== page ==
A typical translatable document will contain a variety of text elements. Some of these elements will contain non-translatable text, some will have been matched from translation memory and some will have been fuzzy matched by the customer. It is therefore important to be able to categorize the word and character counts according to type in order to provide a figure in words and characters for the specific localization task.
GMX-V recommends the following count categories:
Total Count: the overall count.
Exact Matched Count: this is an accumulation of the word and character count for text units that have been matched unambiguously with a prior translation and require no translator input.
Leveraged Matched Count: this is an accumulation of the word and character count for text units that have been matched against a leveraged translation memory database.
Fuzzy Matched Count: this is an accumulation of the word and character count for text units that have been fuzzy matched against a leveraged translation memory database.
Alphanumeric Only Text Unit Count: this is an accumulation of the word and character count for text units that have been identified as containing only alphanumeric words.
Numeric Only Text Unit Count: this is an accumulation of the word and character count for text units that have been identified as containing only numeric words.
Punctuation Only Text Unit Count: this is an accumulation of the word and character count for text units that have been identified as containing only punctuation.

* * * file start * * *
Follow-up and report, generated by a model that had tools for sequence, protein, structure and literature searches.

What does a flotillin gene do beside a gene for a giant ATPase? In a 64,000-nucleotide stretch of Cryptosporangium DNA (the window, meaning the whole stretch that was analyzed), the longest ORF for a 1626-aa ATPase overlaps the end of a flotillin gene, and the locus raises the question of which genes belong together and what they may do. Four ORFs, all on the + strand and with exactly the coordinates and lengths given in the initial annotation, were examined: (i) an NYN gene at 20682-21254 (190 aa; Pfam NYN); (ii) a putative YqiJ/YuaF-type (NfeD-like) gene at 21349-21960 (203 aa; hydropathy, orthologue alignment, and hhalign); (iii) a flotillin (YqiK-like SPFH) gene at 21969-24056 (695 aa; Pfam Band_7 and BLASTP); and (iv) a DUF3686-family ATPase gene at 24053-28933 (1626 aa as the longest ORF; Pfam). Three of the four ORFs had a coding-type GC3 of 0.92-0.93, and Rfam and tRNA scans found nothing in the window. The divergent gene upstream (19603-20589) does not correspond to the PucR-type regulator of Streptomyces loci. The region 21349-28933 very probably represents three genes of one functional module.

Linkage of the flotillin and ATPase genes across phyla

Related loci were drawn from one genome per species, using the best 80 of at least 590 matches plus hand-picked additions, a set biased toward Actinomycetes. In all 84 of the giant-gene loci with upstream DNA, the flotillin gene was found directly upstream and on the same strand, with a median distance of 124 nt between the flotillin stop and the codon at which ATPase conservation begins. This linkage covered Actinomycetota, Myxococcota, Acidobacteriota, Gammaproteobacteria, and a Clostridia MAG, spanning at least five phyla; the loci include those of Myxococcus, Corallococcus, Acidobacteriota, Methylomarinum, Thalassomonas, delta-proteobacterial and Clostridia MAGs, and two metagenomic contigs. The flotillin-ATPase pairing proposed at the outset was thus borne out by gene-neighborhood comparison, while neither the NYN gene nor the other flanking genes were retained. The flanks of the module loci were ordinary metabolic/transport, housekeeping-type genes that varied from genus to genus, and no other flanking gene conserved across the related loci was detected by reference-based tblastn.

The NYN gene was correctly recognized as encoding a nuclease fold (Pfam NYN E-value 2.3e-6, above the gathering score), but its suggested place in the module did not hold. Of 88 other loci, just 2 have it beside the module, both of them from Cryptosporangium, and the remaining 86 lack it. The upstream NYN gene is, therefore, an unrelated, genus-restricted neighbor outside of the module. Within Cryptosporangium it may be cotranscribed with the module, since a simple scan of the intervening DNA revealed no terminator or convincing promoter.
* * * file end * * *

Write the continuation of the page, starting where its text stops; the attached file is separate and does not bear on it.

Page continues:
Stand Alone Punctuation Count: this is an accumulation of the standalone punctuation word and character counts from the individual text units that make up the document.
Measurement Only Count: this is an accumulation of the word and character count from measurement only text units.
Other Non-Translatable Word Count: as the title suggests, this relates to other nontranslatable word and character counts.
Similar counts exist for characters. For this reason, and in summary, GMX-V provides unambiguous and verifiable counts for words and characters, standalone punctuation, inline code and references for all languages and scripts. It also provides additional qualitative counts for the text element categories detailed above.
GMX-V is based on well-defined standards — XLIFF, Unicode ISO 10646 and Unicode TR29. All of this detail allows a precise and unambiguous definition of the localization task for a given electronic file. This rich detail allows suppliers and customers to be able to precisely measure the task in hand. This must surely be a good thing for the localization industry as a whole. In addition, GMX-V provides a way of electronically exchanging counts between different systems.